Google has a formidable artificial intelligence team working on everything from photo recognition to email spam filtering. But for some tasks, it's looking for the human touch -- yours, specifically.
The online giant on Monday released a new Android app called Crowdsource that lets you contribute your own suggestions to language translation, handwriting recognition and street sign transcription.
"Each microtask takes no more than five to 10 seconds, so knock away a few the next time you find yourself with a few moments to kill," Google suggests in the app description. "Every time you use it, you know that you've made the internet a better place for your community."
It might be more accurate to say that it makes Google's internet services more useful, not the entire internet, since Google doesn't offer free access to the underlying data of Google Maps or Google Translate. But as a longtime contributor to Google services, I can attest that offering free labor to the company -- or to reviews at Yelp, TripAdvisor and Amazon -- can give you a little dopamine hit. I've benefited from others' freely donated labor countless times, and this is a way to reciprocate, even if Google shareholders benefit, too.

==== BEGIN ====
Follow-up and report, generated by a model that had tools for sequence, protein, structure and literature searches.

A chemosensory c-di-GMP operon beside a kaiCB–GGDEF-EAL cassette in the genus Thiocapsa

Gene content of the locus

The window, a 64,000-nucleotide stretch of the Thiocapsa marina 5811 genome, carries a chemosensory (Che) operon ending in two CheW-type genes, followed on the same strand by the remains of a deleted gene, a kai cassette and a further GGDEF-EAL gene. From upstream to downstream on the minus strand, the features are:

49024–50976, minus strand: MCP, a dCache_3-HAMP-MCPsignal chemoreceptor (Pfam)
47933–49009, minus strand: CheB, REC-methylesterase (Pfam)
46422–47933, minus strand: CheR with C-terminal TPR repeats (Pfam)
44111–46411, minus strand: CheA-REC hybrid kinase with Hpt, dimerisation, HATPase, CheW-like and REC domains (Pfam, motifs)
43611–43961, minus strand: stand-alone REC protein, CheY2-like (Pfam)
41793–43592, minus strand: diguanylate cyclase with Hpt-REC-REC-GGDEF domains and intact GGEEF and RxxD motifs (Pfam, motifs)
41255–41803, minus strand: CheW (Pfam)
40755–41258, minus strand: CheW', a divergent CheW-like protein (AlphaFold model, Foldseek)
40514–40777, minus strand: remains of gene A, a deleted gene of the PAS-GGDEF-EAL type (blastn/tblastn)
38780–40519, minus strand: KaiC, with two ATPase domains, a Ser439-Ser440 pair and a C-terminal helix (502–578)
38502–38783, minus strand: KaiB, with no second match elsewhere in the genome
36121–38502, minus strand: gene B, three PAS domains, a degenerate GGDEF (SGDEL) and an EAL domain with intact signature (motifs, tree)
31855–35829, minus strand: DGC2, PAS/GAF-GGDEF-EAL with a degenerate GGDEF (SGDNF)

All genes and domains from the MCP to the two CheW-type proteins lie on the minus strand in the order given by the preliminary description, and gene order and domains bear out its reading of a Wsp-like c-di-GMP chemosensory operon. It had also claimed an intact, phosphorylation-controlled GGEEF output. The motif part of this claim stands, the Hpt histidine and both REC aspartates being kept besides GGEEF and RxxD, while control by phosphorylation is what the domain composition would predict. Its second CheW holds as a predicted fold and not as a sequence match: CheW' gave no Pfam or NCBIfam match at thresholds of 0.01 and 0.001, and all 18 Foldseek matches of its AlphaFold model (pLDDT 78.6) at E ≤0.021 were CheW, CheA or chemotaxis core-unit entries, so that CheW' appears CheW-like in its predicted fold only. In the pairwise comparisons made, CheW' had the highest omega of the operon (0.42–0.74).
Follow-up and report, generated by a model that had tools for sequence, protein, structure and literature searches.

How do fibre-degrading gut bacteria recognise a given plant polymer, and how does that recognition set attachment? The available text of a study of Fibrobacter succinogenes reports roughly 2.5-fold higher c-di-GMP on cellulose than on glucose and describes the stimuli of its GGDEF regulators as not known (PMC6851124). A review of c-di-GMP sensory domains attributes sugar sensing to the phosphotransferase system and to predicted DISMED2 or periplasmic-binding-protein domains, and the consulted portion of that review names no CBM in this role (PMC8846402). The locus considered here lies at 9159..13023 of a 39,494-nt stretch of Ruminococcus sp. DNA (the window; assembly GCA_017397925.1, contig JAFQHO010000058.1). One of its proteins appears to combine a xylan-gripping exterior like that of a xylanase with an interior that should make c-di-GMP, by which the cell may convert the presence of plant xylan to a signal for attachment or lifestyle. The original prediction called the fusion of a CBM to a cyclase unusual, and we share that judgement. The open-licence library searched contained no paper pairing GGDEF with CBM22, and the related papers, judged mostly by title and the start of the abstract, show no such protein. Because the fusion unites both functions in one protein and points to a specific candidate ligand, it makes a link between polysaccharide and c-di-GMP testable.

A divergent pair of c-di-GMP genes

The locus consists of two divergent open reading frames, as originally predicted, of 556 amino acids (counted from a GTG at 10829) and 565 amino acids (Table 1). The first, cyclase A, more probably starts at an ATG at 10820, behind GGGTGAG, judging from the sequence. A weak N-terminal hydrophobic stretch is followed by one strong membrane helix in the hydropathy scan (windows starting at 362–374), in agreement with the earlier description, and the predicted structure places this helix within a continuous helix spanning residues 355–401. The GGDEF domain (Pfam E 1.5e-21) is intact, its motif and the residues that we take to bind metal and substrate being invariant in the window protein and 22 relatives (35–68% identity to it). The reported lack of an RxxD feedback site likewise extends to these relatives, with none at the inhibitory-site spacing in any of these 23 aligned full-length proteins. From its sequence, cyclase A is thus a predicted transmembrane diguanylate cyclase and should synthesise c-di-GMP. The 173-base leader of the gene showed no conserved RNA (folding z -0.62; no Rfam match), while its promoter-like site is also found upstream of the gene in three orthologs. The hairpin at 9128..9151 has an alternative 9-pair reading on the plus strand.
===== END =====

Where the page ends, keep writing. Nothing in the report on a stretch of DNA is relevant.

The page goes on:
I've corrected Google Maps trails and streets on many occasions, and just today I answered a bunch of questions about some restaurants I'd visited and uploaded photos of a park I hiked in. And that's just the active work: as I drive around, my Android phone silently improves Google Maps navigation advice and traffic reports.
Google's English-French translation has plenty of raw material to work with for good results, the company said, but that's not true of all languages. But even a small number of new translations and translation verifications can really help Indic language translation, Google said.
The company has offered other opportunities for people to help for years. Google Maps has accepted contributions for years, and there's long been a "contribute a better translation" option on Google Translate. Its Recaptcha service uses hard-to-read text to keep robots off online services -- and uses the results to help Google understand words in Google Books and addresses and signs in Google Maps.
Honestly, it's hard to avoid helping companies these days. Just buying something on Amazon tells the company a little bit of useful information for what to recommend to people and how to set prices. Watching a movie on Netflix provides the same kind of data. Giving a song a thumbs-up or adding it to a playlist helps you find it later, but it also tells companies like Spotify, Apple, Deezer and Google what's hot and what's not.
Google offers some perks, too. The Crowdsource app tallies your points and shows them next to a trophy image. Going beyond a feel-good gesture, though Google Maps' Local Guides program gives people a terabyte of free Google Drive online storage -- though only if they reach advanced levels of participation. Maybe Google should consider more attainable perks for those help its bottom line.